• Score: 3

8:29pm Sat 25 Jan 14

good-gosh says...

dolomiteman wrote:
good-gosh wrote:
MrsJLC wrote:
****good-gosh says...There is no need to lose control from a blowout. The procedure is a bit counter-instinctive so a little skill is needed. And do not panic, it's going to take time to stop and it will seem like ages. First, do NOT change direction. Next, ACCELLERATE hard (do not brake) to keep the car under control and on a straight line. Only after regaining control - gently decelerate and gently steer to the road side without braking, and finally brake gently when the car is moving straight again along the roadside – do everything nice and easy like driving on ice and nothing can upset the car. Finally, shout off a few curses to lower the pulse rate to normal****
____________________



____________________



_________________.
SHUT UP YOU NOB.....all blow outs are not the same... people react differently.....not everyone has read the "blow out, how to avoid rolling your car guide" like you.......
Sorry you don’t like it. I thought it was quite a good little explanation. And since it is the only way to keep control after either a blowout or a side rear collision, I suggest it is re-read so that it is clearly understood.
'good-gosh' is 100% correct you should accelerate hard....... into the cars in front, that so that you will be causing as much carnage as possible and possibly seriously injuring others but at least your written off car will still be upright.

Seriously though that was a really bad explanation but 'good-gosh' is an armchair expert who has never crashed his high back reclining executive leatherette chair in his long career of giving incorrect advice.
I'm not an armchair driver at all - and I've used the acceleration method myself when rammed on the M40. It works perfectly.
[quote][p][bold]dolomiteman[/bold] wrote: [quote][p][bold]good-gosh[/bold] wrote: [quote][p][bold]MrsJLC[/bold] wrote: ****good-gosh says...There is no need to lose control from a blowout. The procedure is a bit counter-instinctive so a little skill is needed. And do not panic, it's going to take time to stop and it will seem like ages. First, do NOT change direction. Next, ACCELLERATE hard (do not brake) to keep the car under control and on a straight line. Only after regaining control - gently decelerate and gently steer to the road side without braking, and finally brake gently when the car is moving straight again along the roadside – do everything nice and easy like driving on ice and nothing can upset the car. Finally, shout off a few curses to lower the pulse rate to normal**** ____________________ ____________________ _________________. SHUT UP YOU NOB.....all blow outs are not the same... people react differently.....not everyone has read the "blow out, how to avoid rolling your car guide" like you.......[/p][/quote]Sorry you don’t like it. I thought it was quite a good little explanation. And since it is the only way to keep control after either a blowout or a side rear collision, I suggest it is re-read so that it is clearly understood.[/p][/quote]'good-gosh' is 100% correct you should accelerate hard....... into the cars in front, that so that you will be causing as much carnage as possible and possibly seriously injuring others but at least your written off car will still be upright. Seriously though that was a really bad explanation but 'good-gosh' is an armchair expert who has never crashed his high back reclining executive leatherette chair in his long career of giving incorrect advice.[/p][/quote]I'm not an armchair driver at all - and I've used the acceleration method myself when rammed on the M40. It works perfectly. good-gosh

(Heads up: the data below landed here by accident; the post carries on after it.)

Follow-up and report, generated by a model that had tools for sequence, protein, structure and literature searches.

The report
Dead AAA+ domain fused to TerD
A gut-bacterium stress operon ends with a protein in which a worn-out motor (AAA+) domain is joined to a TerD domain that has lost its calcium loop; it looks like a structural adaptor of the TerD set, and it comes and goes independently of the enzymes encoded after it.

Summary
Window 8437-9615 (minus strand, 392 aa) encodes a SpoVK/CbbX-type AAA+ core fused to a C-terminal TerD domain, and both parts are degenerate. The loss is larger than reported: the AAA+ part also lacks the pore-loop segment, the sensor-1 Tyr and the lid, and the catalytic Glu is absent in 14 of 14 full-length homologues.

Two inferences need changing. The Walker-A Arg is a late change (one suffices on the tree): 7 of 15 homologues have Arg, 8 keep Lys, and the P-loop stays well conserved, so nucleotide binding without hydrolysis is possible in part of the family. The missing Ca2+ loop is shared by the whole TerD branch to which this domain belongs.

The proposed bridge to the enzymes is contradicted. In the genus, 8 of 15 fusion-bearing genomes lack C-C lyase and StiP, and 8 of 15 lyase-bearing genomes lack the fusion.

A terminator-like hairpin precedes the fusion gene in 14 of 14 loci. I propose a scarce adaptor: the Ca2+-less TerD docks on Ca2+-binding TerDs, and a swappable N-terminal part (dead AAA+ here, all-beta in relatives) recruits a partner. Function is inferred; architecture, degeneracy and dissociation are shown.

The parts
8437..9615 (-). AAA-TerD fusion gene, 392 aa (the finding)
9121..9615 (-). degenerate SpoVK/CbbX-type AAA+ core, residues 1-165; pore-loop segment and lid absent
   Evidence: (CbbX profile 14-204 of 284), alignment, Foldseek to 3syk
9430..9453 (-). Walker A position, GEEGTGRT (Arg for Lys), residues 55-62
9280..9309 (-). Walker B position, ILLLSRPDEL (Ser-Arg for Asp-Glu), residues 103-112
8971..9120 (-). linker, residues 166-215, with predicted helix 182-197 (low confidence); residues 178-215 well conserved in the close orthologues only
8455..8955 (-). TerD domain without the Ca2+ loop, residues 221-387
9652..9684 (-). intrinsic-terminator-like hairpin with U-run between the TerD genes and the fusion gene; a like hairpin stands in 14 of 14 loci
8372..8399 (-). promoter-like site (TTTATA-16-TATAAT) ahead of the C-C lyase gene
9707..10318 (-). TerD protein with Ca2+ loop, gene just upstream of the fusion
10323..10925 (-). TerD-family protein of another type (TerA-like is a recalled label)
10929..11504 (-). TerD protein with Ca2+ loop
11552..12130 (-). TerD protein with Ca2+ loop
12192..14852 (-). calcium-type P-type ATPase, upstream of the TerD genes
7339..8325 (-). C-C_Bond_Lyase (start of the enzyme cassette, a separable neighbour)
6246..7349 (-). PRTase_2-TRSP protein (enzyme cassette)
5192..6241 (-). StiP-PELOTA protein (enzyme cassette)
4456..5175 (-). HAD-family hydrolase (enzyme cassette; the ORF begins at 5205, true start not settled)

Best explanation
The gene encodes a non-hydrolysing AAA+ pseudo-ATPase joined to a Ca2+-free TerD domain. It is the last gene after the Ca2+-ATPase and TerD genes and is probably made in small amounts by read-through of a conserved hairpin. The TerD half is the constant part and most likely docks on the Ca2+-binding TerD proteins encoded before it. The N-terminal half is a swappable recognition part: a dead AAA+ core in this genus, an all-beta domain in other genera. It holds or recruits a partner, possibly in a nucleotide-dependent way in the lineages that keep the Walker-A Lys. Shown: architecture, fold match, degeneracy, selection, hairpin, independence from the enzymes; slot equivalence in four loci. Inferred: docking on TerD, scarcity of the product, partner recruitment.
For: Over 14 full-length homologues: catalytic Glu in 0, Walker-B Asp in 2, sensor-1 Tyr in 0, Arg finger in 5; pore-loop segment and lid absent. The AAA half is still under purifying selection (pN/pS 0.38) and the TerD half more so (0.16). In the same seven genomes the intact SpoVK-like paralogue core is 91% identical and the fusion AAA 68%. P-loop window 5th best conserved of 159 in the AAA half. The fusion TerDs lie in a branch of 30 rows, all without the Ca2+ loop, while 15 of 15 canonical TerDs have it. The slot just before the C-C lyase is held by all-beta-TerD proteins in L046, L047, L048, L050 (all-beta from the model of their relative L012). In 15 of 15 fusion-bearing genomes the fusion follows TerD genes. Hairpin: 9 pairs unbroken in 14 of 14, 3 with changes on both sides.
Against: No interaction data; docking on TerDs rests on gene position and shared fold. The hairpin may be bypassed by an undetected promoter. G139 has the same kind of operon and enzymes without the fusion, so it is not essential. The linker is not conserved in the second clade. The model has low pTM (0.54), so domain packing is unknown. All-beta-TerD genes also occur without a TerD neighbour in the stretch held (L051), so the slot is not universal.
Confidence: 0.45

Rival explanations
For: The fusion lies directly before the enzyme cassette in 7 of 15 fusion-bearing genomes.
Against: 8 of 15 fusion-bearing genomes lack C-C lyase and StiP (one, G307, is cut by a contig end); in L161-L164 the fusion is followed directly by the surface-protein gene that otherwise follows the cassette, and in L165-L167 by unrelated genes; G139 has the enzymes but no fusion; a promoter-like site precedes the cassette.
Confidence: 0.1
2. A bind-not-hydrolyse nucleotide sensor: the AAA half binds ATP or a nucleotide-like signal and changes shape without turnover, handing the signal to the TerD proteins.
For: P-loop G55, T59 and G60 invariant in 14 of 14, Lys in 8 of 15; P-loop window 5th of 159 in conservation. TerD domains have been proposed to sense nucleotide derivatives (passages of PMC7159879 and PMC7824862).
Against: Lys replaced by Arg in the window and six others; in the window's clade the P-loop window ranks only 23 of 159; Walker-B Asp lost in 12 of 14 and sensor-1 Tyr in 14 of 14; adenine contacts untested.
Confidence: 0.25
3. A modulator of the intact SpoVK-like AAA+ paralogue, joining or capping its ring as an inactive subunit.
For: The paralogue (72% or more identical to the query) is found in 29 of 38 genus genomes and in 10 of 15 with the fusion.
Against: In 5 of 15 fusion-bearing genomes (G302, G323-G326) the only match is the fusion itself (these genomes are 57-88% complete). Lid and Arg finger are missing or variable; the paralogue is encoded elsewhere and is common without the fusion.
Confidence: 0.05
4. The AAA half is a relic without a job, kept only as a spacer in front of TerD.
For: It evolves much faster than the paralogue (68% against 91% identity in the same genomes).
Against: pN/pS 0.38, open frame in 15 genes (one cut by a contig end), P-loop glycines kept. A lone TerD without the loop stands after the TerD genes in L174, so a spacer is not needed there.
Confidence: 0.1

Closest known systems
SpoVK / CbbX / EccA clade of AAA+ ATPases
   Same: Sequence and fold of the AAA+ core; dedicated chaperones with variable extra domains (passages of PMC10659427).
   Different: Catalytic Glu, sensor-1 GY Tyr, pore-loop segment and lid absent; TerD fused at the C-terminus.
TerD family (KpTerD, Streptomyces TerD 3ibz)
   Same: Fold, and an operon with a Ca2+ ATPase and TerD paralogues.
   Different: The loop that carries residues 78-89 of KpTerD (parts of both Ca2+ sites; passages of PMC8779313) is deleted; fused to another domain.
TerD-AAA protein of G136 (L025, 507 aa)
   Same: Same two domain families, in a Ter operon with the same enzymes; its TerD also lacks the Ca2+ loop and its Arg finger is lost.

• Score: -5

8:52pm Sat 25 Jan 14

good-gosh says...

B41L3Y wrote:
Good gosh talks ****! It's only a matter of seconds you get to react to something like that and in those matter of seconds you panic! Or some people like good gosh get there little book out on how to avoid rolling you car in those minoir seconds you have